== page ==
Pharmacokinetics and pharmacodynamics of gliclazide in Caucasians and Australian Aborigines with type 2 diabetes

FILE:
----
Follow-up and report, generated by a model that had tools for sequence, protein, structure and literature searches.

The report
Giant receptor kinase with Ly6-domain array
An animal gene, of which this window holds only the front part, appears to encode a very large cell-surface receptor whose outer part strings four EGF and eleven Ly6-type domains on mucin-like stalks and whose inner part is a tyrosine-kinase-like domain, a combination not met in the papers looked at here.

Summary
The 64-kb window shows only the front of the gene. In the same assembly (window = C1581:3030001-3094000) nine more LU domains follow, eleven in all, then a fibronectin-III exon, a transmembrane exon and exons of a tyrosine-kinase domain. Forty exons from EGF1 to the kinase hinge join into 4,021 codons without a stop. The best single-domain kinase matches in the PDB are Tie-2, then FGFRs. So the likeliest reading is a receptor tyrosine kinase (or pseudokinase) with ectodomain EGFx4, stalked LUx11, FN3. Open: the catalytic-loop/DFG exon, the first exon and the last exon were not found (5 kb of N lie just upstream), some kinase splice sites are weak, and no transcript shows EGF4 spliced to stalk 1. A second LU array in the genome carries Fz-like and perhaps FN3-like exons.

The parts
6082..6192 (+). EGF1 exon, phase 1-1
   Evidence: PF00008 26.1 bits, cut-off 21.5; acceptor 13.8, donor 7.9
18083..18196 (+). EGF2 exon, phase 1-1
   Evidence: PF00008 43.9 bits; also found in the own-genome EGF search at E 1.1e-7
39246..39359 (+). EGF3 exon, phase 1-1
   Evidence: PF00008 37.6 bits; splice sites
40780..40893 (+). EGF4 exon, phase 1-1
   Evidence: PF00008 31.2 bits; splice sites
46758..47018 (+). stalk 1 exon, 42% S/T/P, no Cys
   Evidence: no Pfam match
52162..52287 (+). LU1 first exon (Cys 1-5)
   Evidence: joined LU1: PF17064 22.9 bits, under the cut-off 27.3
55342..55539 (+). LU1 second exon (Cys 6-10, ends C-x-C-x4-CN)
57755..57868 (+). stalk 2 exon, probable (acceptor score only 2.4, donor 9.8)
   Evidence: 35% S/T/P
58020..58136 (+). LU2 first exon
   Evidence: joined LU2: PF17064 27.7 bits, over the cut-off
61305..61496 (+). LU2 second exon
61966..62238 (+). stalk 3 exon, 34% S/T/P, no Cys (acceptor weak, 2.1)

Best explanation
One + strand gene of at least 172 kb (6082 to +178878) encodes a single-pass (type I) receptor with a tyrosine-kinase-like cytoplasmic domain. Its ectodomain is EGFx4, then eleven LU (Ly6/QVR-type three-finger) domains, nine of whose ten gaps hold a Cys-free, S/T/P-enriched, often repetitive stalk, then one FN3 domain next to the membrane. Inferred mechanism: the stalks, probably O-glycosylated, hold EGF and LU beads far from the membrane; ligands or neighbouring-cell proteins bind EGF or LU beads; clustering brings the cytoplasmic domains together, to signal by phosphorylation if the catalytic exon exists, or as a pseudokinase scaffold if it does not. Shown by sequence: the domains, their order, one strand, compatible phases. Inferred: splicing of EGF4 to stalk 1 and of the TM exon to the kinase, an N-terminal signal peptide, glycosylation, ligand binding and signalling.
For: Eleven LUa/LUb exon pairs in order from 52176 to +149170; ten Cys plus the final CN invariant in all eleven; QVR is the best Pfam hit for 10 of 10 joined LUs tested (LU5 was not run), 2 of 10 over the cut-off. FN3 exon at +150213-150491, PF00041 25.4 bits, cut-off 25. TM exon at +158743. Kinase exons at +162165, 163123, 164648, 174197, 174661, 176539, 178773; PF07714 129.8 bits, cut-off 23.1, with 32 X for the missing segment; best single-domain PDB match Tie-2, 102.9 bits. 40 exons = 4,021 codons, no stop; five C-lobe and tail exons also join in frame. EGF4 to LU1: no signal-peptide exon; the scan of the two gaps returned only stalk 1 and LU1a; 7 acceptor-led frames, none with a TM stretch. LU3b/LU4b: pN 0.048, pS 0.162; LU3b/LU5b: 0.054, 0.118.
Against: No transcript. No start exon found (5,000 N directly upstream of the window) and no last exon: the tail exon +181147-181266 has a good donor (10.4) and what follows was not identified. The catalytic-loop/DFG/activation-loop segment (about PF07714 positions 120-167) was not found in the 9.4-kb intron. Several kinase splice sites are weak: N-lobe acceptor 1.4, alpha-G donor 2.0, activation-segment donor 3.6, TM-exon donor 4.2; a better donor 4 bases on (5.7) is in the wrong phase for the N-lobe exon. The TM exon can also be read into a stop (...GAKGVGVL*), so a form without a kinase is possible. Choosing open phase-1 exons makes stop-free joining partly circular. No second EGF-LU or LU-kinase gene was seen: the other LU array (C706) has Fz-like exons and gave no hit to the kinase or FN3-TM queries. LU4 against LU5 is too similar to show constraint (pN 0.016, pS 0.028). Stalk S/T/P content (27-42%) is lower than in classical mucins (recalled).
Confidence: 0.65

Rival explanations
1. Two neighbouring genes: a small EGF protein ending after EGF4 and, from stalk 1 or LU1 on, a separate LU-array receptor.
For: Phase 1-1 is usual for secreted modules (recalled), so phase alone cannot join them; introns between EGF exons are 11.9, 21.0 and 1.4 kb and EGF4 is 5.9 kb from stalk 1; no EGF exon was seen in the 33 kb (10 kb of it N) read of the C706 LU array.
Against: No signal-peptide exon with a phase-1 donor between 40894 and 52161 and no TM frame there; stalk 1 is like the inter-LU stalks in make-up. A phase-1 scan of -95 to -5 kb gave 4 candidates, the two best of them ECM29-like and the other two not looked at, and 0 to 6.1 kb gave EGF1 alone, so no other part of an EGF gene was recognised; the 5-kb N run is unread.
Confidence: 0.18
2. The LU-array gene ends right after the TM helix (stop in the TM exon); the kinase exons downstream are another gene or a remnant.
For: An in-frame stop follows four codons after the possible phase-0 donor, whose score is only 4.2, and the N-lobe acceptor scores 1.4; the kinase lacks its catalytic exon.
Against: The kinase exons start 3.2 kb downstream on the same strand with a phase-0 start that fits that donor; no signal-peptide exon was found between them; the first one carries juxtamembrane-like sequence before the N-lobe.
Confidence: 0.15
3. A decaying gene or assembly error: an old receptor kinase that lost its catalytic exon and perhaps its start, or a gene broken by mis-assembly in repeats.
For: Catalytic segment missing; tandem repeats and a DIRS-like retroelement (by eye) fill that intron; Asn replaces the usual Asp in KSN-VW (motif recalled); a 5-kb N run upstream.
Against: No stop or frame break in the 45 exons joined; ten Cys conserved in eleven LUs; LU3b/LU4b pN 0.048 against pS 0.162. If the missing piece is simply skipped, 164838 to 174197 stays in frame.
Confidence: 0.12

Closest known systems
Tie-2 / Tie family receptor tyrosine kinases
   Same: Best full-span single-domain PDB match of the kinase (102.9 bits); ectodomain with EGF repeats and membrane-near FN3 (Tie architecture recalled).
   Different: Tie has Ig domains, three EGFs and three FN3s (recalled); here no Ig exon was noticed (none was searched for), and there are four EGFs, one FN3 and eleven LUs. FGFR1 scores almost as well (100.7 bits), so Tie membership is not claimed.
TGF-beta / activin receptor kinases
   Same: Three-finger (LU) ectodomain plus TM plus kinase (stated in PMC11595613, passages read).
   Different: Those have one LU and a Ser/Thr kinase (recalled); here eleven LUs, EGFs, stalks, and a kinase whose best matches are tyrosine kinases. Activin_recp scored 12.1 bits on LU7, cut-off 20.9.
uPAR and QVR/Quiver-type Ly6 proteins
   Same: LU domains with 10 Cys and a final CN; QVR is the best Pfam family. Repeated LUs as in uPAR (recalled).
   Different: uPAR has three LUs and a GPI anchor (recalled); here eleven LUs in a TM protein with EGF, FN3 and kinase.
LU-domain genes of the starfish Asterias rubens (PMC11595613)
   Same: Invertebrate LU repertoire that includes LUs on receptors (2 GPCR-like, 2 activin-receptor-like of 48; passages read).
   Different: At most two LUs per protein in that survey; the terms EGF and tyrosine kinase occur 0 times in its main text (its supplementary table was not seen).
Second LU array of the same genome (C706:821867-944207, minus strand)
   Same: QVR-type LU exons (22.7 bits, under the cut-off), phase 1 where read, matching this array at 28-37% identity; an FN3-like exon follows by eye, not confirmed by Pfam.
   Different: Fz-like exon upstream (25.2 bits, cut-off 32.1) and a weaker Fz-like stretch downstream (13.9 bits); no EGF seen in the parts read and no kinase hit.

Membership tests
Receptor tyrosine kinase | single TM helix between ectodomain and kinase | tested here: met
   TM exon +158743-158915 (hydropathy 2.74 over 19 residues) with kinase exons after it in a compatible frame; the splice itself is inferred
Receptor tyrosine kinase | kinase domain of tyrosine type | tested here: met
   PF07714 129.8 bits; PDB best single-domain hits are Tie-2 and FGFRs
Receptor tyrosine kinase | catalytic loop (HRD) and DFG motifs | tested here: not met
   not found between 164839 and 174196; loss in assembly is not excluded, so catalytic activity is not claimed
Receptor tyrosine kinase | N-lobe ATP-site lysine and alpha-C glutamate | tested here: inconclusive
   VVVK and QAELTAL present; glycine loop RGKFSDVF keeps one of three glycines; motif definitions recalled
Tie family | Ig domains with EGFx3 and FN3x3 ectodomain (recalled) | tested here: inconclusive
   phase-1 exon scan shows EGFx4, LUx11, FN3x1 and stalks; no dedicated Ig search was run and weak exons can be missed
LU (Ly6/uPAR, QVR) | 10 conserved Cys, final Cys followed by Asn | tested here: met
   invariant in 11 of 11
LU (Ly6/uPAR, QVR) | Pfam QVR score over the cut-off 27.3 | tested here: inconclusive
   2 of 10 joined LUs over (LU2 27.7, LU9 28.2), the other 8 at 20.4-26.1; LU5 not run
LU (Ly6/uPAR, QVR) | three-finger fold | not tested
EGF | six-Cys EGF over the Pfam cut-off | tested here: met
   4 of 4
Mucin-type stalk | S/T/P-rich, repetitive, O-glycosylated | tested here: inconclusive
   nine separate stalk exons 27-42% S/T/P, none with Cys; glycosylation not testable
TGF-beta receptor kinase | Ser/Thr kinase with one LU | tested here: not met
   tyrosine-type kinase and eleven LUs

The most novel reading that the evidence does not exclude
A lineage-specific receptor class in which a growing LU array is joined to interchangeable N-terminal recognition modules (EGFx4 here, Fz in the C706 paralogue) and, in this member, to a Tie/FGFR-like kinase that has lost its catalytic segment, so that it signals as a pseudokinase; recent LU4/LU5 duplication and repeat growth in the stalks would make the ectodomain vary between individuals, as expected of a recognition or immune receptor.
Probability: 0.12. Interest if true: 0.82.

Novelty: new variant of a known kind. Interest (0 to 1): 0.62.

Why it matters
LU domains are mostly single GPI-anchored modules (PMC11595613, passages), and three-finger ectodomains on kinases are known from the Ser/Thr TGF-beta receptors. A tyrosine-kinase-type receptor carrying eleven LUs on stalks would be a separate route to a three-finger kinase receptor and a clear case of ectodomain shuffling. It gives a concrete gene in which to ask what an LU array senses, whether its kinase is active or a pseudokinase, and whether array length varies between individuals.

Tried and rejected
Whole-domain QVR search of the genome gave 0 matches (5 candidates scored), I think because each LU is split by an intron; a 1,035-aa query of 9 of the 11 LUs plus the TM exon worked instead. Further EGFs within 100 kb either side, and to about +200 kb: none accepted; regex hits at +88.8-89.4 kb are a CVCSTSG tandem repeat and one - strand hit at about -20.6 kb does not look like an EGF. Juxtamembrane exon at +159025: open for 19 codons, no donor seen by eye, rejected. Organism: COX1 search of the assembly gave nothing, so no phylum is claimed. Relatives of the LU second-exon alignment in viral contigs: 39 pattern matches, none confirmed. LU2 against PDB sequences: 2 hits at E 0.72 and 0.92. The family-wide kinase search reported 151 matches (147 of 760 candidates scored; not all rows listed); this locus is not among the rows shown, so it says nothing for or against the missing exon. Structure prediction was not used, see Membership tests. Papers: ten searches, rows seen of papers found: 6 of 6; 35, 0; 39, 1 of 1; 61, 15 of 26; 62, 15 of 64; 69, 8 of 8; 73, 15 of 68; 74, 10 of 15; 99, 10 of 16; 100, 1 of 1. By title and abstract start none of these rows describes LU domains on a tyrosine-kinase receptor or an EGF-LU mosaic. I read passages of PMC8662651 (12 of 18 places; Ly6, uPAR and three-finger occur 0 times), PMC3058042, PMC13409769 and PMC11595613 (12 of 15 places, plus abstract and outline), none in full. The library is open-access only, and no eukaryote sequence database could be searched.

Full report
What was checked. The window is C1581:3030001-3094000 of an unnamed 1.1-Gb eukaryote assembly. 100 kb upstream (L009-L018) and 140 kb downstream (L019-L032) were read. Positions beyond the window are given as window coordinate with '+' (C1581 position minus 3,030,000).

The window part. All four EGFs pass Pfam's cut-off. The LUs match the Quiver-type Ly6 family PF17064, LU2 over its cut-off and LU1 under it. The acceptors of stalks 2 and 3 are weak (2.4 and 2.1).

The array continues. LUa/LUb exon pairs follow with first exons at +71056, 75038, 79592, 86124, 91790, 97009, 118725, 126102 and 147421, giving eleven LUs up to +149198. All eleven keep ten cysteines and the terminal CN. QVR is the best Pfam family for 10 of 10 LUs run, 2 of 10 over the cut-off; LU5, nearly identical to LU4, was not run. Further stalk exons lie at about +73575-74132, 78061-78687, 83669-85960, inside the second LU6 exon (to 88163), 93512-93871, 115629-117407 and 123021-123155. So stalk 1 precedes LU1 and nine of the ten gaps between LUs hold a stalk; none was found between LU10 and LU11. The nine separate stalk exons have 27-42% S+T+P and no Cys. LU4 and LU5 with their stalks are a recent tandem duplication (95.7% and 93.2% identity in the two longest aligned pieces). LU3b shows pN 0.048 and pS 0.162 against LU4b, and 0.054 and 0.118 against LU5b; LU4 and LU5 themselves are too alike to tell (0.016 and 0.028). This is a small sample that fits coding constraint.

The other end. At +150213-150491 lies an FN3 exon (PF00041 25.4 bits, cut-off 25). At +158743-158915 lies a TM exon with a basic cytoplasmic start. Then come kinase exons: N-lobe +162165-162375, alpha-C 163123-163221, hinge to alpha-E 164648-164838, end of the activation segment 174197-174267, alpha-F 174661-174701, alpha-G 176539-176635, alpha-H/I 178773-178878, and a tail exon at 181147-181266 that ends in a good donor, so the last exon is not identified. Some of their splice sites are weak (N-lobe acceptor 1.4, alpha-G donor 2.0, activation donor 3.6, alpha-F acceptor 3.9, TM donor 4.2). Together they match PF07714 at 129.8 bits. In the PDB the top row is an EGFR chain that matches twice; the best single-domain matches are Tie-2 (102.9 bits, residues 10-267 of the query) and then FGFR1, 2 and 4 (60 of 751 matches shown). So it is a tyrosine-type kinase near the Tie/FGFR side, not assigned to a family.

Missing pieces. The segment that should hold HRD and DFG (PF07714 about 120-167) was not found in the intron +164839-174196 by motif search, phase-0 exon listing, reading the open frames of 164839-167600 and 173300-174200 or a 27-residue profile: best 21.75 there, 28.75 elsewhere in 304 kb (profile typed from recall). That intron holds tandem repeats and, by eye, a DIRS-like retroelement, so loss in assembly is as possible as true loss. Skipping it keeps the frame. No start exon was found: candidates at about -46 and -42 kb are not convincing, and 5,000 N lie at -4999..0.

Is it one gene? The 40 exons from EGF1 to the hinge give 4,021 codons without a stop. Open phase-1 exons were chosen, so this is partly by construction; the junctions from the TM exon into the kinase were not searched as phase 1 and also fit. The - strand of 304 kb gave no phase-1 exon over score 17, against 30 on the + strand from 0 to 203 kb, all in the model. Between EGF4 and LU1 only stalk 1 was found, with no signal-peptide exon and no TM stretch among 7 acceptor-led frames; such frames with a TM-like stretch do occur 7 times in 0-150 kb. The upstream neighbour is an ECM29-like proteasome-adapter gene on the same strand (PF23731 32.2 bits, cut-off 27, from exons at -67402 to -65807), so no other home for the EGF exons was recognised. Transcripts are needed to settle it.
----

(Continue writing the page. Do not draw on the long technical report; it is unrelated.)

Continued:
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AimsGliclazide pharmacokinetics and pharmacodynamics were assessed in 9 Caucasians and 10 Australian Aborigines with uncomplicated type 2 diabetes.MethodsSubjects were on a stable dose of 80 mg gliclazide twice daily, took 160 mg on the morning of study and had a standard breakfast. No further gliclazide was given over the next 48 h. Regular blood samples were drawn for serum glucose, insulin and gliclazide assay. Gliclazide was measured using h.p.l.c. Noncompartmental analysis was used to describe primary data. A multicompartment model incorporating enterohepatic recirculation was fitted to group mean serum gliclazide profiles.ResultsThe Caucasians were older than the Aborigines (mean ±s.d. age 53.4 ± 12.2 vs 40.3 ± 6.9 years, P<0.05) but had similar diabetes duration, body mass index and glycated haemoglobin. Noncompartmental analysis revealed no between-group differences in gliclazide kinetics. Post-breakfast serum glucose and insulin responses were also similar apart from a longer time to maximum concentration (tmax) for glucose amongst the Aborigines (2.6 ± 0.4 vs 2.2 ± 0.3 h in Caucasians; P=0.024). Gliclazide tmax exhibited a skewed unimodal distribution and was not associated with gliclazide maximum concentration, or glucose or insulin responses. Most patients had a serum gliclazide profile suggestive of enterohepatic recirculation and/or biphasic absorption. Model-derived estimates of the extent of putative enterohepatic recirculation were 30% and 20% of dose in Caucasians and Aborigines, respectively.ConclusionsGliclazide is equally effective in Caucasian and Aboriginal diabetic patients. The pharmacokinetics of oral gliclazide appear more complex than previously thought. Gliclazide pharmacodynamics are unrelated to rate and extent of absorption, consistent with a threshold concentration for hypoglycaemic effect.

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